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Use of graphene as protection film in biological environments.

Zhang W, Lee S, McNear KL, Chung TF, Lee S, Lee K, Crist SA, Ratliff TL, Zhong Z, Chen YP, Yang C - Sci Rep (2014)

Bottom Line: We confirmed graphene effectively inhibits Cu surface from corrosion in different biological aqueous environments.Finally, an animal experiment showed the effective protection of graphene to Cu under in vivo condition.Our results open up the potential for using graphene coating to protect metal surface in biomedical application.

View Article: PubMed Central - PubMed

Affiliation: Department of Chemistry, Purdue University, West Lafayette, Indiana 47907, United States.

ABSTRACT
Corrosion of metal in biomedical devices could cause serious health problems to patients. Currently ceramics coating materials used in metal implants can reduce corrosion to some extent with limitations. Here we proposed graphene as a biocompatible protective film for metal potentially for biomedical application. We confirmed graphene effectively inhibits Cu surface from corrosion in different biological aqueous environments. Results from cell viability tests suggested that graphene greatly eliminates the toxicity of Cu by inhibiting corrosion and reducing the concentration of Cu(2+) ions produced. We demonstrated that additional thiol derivatives assembled on graphene coated Cu surface can prominently enhance durability of sole graphene protection limited by the defects in graphene film. We also demonstrated that graphene coating reduced the immune response to metal in a clinical setting for the first time through the lymphocyte transformation test. Finally, an animal experiment showed the effective protection of graphene to Cu under in vivo condition. Our results open up the potential for using graphene coating to protect metal surface in biomedical application.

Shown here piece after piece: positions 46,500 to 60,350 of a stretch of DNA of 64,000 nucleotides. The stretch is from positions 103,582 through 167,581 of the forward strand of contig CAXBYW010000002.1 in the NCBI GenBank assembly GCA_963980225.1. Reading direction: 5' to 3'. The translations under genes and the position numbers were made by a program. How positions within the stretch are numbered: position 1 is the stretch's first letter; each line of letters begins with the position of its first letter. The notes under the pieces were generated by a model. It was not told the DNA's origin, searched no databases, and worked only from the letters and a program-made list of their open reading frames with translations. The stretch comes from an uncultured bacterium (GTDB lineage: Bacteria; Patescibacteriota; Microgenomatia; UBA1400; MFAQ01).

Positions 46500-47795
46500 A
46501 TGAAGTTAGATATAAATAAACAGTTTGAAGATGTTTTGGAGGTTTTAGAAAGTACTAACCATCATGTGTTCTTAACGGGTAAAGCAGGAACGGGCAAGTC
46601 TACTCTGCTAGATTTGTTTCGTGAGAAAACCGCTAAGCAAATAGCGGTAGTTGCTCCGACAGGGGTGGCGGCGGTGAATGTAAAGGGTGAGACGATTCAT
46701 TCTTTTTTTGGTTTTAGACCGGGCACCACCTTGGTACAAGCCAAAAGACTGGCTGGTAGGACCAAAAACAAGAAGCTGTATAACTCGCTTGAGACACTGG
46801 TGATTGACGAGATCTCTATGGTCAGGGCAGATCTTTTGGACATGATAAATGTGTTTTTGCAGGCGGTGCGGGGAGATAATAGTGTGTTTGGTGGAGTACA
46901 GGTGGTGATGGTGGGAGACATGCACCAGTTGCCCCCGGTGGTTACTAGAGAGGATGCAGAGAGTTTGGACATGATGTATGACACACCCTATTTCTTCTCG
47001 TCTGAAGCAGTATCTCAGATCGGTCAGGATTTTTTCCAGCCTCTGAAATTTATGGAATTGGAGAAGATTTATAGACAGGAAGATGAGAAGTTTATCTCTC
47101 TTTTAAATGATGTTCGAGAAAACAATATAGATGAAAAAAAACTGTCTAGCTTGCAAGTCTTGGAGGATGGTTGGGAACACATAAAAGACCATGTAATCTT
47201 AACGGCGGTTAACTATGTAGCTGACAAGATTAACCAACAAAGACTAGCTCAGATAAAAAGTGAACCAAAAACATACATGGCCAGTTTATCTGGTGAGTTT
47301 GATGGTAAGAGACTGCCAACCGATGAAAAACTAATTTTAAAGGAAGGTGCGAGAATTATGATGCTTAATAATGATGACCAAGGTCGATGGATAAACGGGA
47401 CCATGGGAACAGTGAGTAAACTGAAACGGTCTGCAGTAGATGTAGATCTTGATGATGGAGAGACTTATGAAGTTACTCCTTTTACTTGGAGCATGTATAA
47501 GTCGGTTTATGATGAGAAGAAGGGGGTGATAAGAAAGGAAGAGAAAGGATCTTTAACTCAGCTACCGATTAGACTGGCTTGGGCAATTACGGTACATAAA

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Concentration of Cu2+ ions from different biological solutions.Concentrations of Cu2+ ions in (a) PBS, (b) FBS, (c) HBSS solutions and (d) cell culture media with presence of SLG/Cu (black), BLG/Cu (red) and Cu (Blue) and blank solutions as controls (Pink) measured by ICP-MS, respectively. All results are presented in a mass ratio (ppm).
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f1: Concentration of Cu2+ ions from different biological solutions.Concentrations of Cu2+ ions in (a) PBS, (b) FBS, (c) HBSS solutions and (d) cell culture media with presence of SLG/Cu (black), BLG/Cu (red) and Cu (Blue) and blank solutions as controls (Pink) measured by ICP-MS, respectively. All results are presented in a mass ratio (ppm).

Mentions: The protection effect of graphene on Cu foils in the aqueous environment was first confirmed through monitoring corrosion of Cu chemically. The corrosion of as-synthesized SLG coated Cu foils (labeled “SLG/Cu”) and bare Cu foils (labeled “Cu”) in phosphate buffered saline (PBS), fetal bovine serum (FBS), hank's balanced salt solution (HBSS), and cell culture media were tested. Corrosion of Cu was monitored through measuring the concentrations of Cu2+ ions, the primarily corrosion products generated by the reaction of Cu with these solutions34, using inductively coupled plasma-mass spectrometry (ICP-MS) on day 1, 2, 3, 4 and 5. All samples were measured in triplicate. Results are shown in Fig. 1.